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The island of Cyprus is located in the Eastern Mediterranean. Its neighbouring lands at the nearest coastal points are Turkey 40 miles north, Syria 60 miles east, Lebanon 108 miles south-east, Israel 180 miles south-east and Egypt 230 miles south. Cyprus is the third largest island in the Mediterranean. It is smaller than Sicily and Sardinia and larger than Corsica and Crete .The area of the whole island is 3584 sq. miles. (9250sq. kilometers).

Cyprus has been divided into two autonomous states since 1974. This came about by virtue of the linguistic and cultural differences , and as a result of communal friction which lasted for 11 years. (See history) Greek Cypriots occupy the southern and the Turkish Cypriots occupy the northern part of Cyprus. A boundary known as the`Green Line` which runs through Nicosia , the capital of both South and North Cyprus separates the two states. North Cyprus is some 100 miles long , 40 miles across at its widest point and has a total area of 1357 sq. miles or nearly one third of the whole of the island.

The geography of North Cyprus is characterized by a unique blend of mountains , plains and beaches. The Kyrenia Range, with its magnificent jagged limestone peaks, the highest of which is Mount Selvili at 3357 ft. runs along most of the north coastline to form a startling backdrop. To the east of the island the mountain range loses height as it extends along the narrow peninsula known as Karpas or `The Panhandle`. Along it one finds the best beaches in Cyprus. Miles of empty bays with pure white sand. To the south of the Kyrenia range lie the plains of Mesaoria. Here, is situated the divided Capital Nicosia (Lefkosa). Other major centers are Guzelyurt in the west of North Cyprus where most of the citrus produce comes from , The resort town of Kyrenia (Girne) is on the northern coast, and the second resort town of Famagusta (Gazimagosa) in the east.

The population of North Cyprus is, Appx. 200,587 (1997 census)
55% of the population live in urban areas. The urban population is distributed as follows:

(Rounded to the nearest 1000. Census 1997)
Nicosia: 62,000
Famagusta: 54,000
Kyrenia: 38,000
Guzelyurt: 27,000
Iskele: 19,000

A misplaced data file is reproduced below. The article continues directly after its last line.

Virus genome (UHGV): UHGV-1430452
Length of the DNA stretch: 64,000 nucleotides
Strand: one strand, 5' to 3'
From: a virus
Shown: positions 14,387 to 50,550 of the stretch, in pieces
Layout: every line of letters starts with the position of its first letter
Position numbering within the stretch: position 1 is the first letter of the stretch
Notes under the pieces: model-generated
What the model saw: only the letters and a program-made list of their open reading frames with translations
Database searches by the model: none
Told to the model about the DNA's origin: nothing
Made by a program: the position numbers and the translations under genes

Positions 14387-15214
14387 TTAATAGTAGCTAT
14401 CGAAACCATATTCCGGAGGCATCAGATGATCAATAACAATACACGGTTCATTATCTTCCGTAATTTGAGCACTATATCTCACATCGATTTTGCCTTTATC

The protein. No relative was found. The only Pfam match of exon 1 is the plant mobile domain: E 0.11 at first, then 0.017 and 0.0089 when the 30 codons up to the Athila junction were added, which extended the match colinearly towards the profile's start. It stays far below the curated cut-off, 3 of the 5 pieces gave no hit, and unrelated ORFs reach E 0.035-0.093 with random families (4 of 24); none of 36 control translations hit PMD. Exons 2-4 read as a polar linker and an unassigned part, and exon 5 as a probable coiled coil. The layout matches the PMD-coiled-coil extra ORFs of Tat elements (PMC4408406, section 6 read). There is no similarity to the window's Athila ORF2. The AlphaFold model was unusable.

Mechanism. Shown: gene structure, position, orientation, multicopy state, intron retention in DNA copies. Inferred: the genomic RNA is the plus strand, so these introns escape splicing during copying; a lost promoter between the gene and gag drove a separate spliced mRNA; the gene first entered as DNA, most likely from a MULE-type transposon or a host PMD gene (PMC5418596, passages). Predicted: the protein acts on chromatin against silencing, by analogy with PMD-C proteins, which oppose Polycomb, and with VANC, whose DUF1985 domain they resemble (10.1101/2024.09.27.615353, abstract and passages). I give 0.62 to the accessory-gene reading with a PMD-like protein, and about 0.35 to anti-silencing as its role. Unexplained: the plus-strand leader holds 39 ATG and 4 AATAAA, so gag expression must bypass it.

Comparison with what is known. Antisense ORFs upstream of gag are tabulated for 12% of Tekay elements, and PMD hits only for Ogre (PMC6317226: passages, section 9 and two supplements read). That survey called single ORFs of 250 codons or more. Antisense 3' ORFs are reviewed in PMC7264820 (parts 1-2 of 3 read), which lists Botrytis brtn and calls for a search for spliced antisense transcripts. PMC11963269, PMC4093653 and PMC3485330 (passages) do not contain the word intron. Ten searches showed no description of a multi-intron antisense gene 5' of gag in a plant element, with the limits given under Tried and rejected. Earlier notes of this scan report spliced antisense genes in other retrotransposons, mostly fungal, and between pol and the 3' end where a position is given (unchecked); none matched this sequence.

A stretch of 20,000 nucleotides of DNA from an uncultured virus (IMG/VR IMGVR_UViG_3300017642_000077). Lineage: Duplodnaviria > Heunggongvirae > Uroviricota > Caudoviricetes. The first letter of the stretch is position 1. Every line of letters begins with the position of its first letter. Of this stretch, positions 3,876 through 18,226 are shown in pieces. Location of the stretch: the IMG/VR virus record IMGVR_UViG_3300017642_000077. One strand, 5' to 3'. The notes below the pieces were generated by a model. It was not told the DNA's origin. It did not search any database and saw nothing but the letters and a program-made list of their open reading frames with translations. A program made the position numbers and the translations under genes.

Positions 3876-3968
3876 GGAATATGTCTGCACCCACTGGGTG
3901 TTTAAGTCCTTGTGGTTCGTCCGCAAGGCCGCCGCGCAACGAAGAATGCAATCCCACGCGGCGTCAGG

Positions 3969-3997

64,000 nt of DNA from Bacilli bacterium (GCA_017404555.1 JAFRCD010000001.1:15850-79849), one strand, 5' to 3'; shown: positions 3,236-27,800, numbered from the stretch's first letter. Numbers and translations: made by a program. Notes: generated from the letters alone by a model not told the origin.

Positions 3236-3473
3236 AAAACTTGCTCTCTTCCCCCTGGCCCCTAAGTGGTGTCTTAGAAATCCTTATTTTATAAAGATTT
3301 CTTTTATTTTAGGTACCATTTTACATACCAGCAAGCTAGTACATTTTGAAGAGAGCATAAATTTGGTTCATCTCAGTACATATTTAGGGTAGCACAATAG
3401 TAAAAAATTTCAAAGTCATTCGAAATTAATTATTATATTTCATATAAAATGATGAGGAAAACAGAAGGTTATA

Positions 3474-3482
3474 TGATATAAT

The urban population is employed mainly in the service industry and light industries such as beverages, clothing, construction and in other commercial establishments.
The rural population lives in villages. There are some 195 villages in North Cyprus. People in rural areas are mainly engaged in agriculture and produce a variety of crops. Wheat, barley, olives, carobs, melon, grapes, figs, potatoes and basic vegetables are grown commercially on a moderate scale. Citrus is the main export produce, however, exports from North Cyprus have been restricted to a great extent, due to the political status of the state.
The service industry has recently shown an increase mainly in Tourism, Banking and Education. The slow development in the economy has become an advantage for Tourism since it has resulted in unspoiled countryside and thus very low pollution. Education has recently developed to become one of the major sources of revenue, with 5 private universities being opened in the last 10 years, offering a good standard of international education to the students attending from neighbouring countries, mainly Turkey.

The Climate of North Cyprus is a typical Mediterranean Climate. Summers (June to September) are hot and dry, winters (November to March) are usually rainy with a mild temperature. Spring and autumn are warm and pleasant. The average annual temperature is 20°C (68 F).
Summer temperatures average 30°C (90F) with the coldest months of January and February 10°C (50F).

Flora and Fauna
Quite apart from the huge range of cultivated flowers, North Cyprus and especially the Karpas peninsula is a rich botanical area with literally hundreds of species of wild flowers from crown anemones and pink rock roses to purple iris and yellow crowfoot. From February to June many areas of Northern Cyprus are carpeted with colourful wild flowers. The birds and the butterflies also are glorious, lizards abound, and the loggerhead and green turtle still come ashore to lay their eggs in North Cyprus's unspoiled beaches.